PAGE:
Grey, who is African-American, said it is too soon to determine how much change of heart resulted from the sesquicentennial, which culminated in April with thousands of people coming to Capitol Square to witness the re-enactment of the fall of Richmond and hear the stories of newly freed slaves.
But the impact will be felt in years to come "as people digest it, internalize it and kind of live it," he said.
Ayers helped Richmonders appreciate "that history is more complicated, much more nuanced and a lot more integrated than we've been led to believe," Grey said. "All of that doesn't come out when you're just focused on the Confederate flag, for example."
When Ayers announced plans to step down at UR, he said, several people asked him why he would leave when everything was going so well.
"It's just that I have other things I want to do," said Ayers, who is on sabbatical while he completes his next book, "The Thin Light of Freedom: War and Emancipation in the Heart of America," and works on his public radio program "BackStory with the American History Guys."
The list includes chairing the board of the American Civil War Museum in Richmond. The museum has the potential to become "the main reason people come to our city," Ayers said.
"For us to make permanent what we were able to accomplish during the sesquicentennial is a very exciting possibility - that we would be the place in the country that you would come to see the American Civil War whole," he said.
Ayers, who was arts and sciences dean at the University of Virginia when he was selected to lead UR in 2007, said he signed on with the understanding that the university should use its "good fortune to create as many opportunities for as many people as we could." The university now pays the full cost for Virginia students with family incomes less than $60,000.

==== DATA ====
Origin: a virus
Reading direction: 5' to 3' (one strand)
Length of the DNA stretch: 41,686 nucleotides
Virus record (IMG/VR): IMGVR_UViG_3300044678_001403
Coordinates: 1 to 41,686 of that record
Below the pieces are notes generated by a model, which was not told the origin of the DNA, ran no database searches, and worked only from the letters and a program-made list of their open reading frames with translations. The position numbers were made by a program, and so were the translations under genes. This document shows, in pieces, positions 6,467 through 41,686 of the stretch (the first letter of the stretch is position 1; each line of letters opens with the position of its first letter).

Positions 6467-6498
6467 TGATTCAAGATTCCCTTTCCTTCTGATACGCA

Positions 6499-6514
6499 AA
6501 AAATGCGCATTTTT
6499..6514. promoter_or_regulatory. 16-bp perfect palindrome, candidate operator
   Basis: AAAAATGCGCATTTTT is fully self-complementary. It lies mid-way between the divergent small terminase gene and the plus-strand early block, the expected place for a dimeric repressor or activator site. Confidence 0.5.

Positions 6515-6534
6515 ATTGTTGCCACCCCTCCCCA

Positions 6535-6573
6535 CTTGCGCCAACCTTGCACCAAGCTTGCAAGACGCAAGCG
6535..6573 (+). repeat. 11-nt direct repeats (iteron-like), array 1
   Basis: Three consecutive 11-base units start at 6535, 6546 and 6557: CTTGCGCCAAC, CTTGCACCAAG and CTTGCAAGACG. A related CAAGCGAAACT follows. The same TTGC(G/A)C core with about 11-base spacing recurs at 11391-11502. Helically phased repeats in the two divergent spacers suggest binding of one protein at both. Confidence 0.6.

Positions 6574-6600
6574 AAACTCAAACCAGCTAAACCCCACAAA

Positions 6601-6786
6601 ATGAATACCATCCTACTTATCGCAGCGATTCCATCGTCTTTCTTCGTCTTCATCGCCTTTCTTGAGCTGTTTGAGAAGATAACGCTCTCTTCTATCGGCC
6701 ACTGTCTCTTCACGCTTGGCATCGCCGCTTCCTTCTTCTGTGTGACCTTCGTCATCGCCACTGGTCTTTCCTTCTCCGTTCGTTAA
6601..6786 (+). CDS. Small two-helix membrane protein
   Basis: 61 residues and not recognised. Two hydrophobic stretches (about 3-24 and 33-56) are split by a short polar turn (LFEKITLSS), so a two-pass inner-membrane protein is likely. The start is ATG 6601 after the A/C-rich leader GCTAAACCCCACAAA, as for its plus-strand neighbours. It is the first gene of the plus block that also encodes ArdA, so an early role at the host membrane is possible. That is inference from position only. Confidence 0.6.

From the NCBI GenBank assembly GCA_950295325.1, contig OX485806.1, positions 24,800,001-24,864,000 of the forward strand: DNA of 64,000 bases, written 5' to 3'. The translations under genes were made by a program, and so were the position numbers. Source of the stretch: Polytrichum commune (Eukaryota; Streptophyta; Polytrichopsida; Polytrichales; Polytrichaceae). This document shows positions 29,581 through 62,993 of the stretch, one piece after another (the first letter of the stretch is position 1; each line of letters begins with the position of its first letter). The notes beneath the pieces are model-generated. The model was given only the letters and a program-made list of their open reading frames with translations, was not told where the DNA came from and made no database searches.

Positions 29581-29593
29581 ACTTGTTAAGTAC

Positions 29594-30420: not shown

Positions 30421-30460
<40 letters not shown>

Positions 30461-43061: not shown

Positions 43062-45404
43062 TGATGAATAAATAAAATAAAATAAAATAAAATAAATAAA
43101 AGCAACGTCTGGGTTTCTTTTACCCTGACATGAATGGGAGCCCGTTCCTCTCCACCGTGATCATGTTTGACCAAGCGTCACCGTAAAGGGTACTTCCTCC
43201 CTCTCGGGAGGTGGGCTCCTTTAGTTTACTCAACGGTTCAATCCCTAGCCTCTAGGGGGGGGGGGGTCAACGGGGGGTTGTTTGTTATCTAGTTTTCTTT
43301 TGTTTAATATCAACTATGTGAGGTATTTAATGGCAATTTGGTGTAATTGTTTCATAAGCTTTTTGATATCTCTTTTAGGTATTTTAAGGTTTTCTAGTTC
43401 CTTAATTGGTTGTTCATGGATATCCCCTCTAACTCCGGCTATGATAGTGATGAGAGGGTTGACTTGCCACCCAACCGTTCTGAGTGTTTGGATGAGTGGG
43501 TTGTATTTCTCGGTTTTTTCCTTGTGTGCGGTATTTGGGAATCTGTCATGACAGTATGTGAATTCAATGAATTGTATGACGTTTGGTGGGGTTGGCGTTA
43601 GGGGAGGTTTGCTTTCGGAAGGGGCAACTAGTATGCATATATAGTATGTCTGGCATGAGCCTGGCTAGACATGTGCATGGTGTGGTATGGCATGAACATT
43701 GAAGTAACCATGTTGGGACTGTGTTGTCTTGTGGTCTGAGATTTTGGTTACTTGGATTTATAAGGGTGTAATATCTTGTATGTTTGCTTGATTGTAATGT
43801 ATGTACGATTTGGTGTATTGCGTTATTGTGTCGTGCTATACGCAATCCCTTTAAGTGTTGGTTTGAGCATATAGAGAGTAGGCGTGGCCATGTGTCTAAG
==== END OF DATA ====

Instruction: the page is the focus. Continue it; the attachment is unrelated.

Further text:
"The fact that we were able to use that good fortune to really open our doors widely to people of all kinds of backgrounds from all around the United States and all over the world, I think is what I'm proudest of," Ayers said.
"You can see that aligns with what I was doing outside of the classroom."
IN HIS WORDS
A small moment in life with a big impact
My father became debilitated in his 50s. Once, when I was a beginning professor, I said in passing to him and my mom that I was eager for that semester to be over. He looked at me and quietly said, "Son, don't wish your life away." I've never received better advice.
What sparked your interest in history?
Staying for long stretches of time with my grandparents, who had a farm high in the North Carolina mountains. It took me awhile to figure out that that could be "history," that every family had a history worth knowing.
"Absalom! Absalom!" by William Faulkner. I love it because it captures the essential drama of the American South in a haunting way.
C. Vann Woodward, the great historian of the South, because he found a way to make history matter in his time and place.
Something that might surprise others
I once spent a summer working on the double Ferris wheel on a carnival, living in my car.
Something you'd like to do
Visit every continent.
Alternate profession or course of study
Being an architect looks very interesting, taking an idea and turning it into something enduring.
EDWARD L. AYERS
Position: professor and president emeritus, University of Richmond
Born/hometown: Jan. 22, 1953; raised in Kingsport, Tenn.
College: University of Tennessee (bachelor's degree), Yale University (doctorate in American Studies)
Family: wife Abby, son Nate, daughter Hannah